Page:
Recession on the way?

Is the economy headed down?

The Guardian

Johnson says lavish spending plans would work after no-deal Brexit

Boris Johnson has suggested he could maintain lavish spending promises even if a no-deal Brexit wiped out the scope for extra borrowing by instead using the £38bn "divorce settlement" payment with the EU.

Questioned at a hustings event in York on Thursday evening about his near-£5bn annual pledge of extra money for schools, which was among a series of expensive spending and tax commitments he has made, Johnson was asked if this extra cash would be delayed if the UK left without a deal.

Johnson replied, to cheers from the audience: "It may have escaped your notice, but in the event of a no-deal Brexit, we will have an additional £39bn to spend.

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Is the UK headed for a recession?

By Joe Harker

The UK could be headed for another recession and is currently at the highest risk of one since 2007, a new report warns.

With a new prime minister and Brexit looming the prediction for the UK is one of economic hardship. Poor growth and insufficient planning as both named as reasons behind the higher risk of recession.

Are things about to get worse economically, or are we all about to be heading into the sunlit uplands of prosperity?

The Claim:

The Daily Telegraph reports that economists are warning the UK is "scarily exposed" to another recession.

With low interest rates and the government in a lot of debt there isn't much that the treasury can do to counteract an economic downturn, measures introduced over a decade ago are still in place.

This summer is going to be one of speculation over a potential recession, according to the Financial Times.

They warn that various sectors are reporting the economy is in poor health, with uncertainty over Brexit causing a lot of damage and the still undetermined nature of Britain's exit from the EU expected to hinder performance again.

It wouldn't take much for the economy to keep declining as confidence in the market and a lack of preparation would bit hard.

The Counter Claim:

However, Tory leadership hopefuls Boris Johnson and Jeremy Hunt have made a big raft of spending pledges to boost the economy of Brexit Britain.

They insist their spending plans will go ahead whether it's a no deal Brexit or they manage to get something through parliament, arguing that the £39 billion to be paid to the EU in the event of a Brexit deal would be used in the no-deal scenario.

Meanwhile, chancellor of the exchequer Philip Hammond has set aside £26.6 billion of borrowing headroom in the event of a deal which could go towards spending promises.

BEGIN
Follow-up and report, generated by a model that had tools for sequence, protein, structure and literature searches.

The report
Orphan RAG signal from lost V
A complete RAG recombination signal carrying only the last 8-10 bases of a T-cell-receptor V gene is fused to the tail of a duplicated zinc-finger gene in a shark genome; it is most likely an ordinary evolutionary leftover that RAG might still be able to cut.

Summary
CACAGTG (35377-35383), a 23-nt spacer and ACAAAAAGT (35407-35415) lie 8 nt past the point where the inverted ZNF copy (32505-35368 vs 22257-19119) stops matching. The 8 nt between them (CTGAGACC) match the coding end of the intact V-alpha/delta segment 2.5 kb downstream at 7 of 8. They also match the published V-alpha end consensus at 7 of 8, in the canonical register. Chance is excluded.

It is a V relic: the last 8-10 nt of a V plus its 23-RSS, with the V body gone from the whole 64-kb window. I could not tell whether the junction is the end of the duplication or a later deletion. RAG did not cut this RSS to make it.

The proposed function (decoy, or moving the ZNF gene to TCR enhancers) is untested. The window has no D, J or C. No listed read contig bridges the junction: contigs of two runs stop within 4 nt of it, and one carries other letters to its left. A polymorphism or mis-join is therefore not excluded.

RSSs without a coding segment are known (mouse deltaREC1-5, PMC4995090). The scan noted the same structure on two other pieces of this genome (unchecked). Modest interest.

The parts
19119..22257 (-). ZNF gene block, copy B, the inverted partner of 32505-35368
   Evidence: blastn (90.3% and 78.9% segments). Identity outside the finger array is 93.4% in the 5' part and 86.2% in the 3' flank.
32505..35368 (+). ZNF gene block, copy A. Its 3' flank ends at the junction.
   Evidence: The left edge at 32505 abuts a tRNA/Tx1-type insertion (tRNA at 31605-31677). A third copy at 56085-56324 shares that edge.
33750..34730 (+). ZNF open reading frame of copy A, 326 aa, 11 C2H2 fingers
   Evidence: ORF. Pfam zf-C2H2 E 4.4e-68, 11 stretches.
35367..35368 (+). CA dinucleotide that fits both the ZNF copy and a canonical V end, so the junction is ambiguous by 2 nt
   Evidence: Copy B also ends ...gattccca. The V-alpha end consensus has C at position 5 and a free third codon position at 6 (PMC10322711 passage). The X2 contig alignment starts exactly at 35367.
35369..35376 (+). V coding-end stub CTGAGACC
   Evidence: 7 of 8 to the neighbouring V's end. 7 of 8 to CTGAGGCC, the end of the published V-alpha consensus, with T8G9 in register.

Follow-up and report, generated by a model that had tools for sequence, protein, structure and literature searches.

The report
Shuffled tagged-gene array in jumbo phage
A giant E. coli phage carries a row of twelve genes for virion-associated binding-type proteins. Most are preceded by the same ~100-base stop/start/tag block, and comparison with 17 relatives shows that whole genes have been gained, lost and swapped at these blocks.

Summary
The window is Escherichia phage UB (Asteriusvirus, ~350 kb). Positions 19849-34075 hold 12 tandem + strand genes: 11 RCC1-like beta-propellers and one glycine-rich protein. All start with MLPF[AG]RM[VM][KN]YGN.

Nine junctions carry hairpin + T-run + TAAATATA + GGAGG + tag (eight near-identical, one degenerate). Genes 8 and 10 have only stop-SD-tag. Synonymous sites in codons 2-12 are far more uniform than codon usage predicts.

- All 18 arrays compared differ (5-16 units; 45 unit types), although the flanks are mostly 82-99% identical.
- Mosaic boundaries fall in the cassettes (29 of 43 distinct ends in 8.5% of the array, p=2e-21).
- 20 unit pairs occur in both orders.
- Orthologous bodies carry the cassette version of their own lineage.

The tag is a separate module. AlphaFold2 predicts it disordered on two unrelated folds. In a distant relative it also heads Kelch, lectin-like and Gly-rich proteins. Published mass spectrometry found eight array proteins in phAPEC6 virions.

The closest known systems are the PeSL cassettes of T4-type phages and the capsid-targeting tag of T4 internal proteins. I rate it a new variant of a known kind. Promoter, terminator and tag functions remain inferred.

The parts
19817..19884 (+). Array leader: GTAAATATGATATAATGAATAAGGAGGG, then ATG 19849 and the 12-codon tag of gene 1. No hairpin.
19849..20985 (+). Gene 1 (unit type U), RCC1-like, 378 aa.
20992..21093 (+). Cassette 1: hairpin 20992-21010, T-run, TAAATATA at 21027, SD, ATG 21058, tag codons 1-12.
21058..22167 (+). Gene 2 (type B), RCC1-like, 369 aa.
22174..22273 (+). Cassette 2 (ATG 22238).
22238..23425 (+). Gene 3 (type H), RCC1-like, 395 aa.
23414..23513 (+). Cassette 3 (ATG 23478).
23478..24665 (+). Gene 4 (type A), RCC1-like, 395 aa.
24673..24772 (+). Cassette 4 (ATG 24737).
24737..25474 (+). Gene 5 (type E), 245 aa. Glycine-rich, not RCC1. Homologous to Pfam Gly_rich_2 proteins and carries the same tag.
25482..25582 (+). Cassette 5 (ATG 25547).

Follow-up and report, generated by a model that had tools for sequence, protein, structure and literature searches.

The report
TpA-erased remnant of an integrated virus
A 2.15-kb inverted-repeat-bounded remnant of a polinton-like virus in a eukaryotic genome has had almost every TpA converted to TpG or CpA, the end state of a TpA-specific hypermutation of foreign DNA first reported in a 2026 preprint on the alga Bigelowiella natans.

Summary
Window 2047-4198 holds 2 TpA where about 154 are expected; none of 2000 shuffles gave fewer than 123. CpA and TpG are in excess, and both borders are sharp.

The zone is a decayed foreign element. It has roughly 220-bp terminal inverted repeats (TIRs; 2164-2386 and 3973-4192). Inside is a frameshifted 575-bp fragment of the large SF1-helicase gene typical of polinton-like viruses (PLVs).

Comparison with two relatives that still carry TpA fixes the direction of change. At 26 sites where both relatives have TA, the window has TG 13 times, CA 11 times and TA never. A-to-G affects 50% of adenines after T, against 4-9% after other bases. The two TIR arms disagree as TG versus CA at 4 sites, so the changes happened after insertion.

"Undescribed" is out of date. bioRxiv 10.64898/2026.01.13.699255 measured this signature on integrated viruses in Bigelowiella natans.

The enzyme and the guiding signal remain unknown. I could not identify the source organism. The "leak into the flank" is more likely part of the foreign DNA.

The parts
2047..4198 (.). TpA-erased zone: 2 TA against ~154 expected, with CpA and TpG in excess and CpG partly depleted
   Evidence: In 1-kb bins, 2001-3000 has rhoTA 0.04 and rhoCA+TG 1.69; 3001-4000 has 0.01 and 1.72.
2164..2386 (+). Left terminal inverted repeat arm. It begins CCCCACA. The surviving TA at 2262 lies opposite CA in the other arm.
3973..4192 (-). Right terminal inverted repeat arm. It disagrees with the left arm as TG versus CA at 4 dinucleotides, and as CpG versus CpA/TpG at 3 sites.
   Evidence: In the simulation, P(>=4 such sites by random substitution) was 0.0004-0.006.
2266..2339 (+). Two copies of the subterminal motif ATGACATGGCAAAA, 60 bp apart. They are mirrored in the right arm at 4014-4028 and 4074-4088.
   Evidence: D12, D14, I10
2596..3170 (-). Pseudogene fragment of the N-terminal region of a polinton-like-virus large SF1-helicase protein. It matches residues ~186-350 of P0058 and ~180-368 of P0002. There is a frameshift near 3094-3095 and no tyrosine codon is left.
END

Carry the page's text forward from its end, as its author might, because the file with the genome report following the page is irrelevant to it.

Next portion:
Even with this money it is unclear quite how the next prime minister is going to pay for all of their desires, as the spending claims of both politicians don't fully add up and certainly not in the event of a no deal Brexit.

Still, they're determined to pretend Brexit will be a good thing for the British economy and are planning on making investments to boost growth. Just fork over the money and pretend it won't be a problem later.

The Facts:

A recession is where the economy of a nation contracts for two successive quarters of the year, essentially where negative growth occurs over a six month period.

Brexit secretary Stephen Barclay said a recession in the event of a no deal Brexit couldn't be ruled out, with any form of exit from the EU poised to cause Britain economic damage but a no deal exit expected to be the worst case scenario.

The Times reports that the UK's recession risk is at the highest point since 2007. The Resolution Foundation said the cocktail of a slower global economy and and domestic uncertainty was putting the UK in danger.

Recessions in the UK cost on average a million jobs. With plenty of retail outlets already suffering or closed it could drastically affect the high street, which has never fully recovered from the economic crash in 2008.

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Daily Telegraph

UK 'scarily' exposed to next major downturn, economists warn

The UK's recession-fighting tools are already almost exhausted leaving the economy ill-prepared to battle the next slump if and when it arrives, economists have warned.

Interest rates are too low to be cut significantly, while the Government is already heavily indebted from heavy borrowing in the financial crisis and the years since.

This means urgent work is needed to find tools which could be used to stimulate the economy in another crunch, said the Resolution Foundation.

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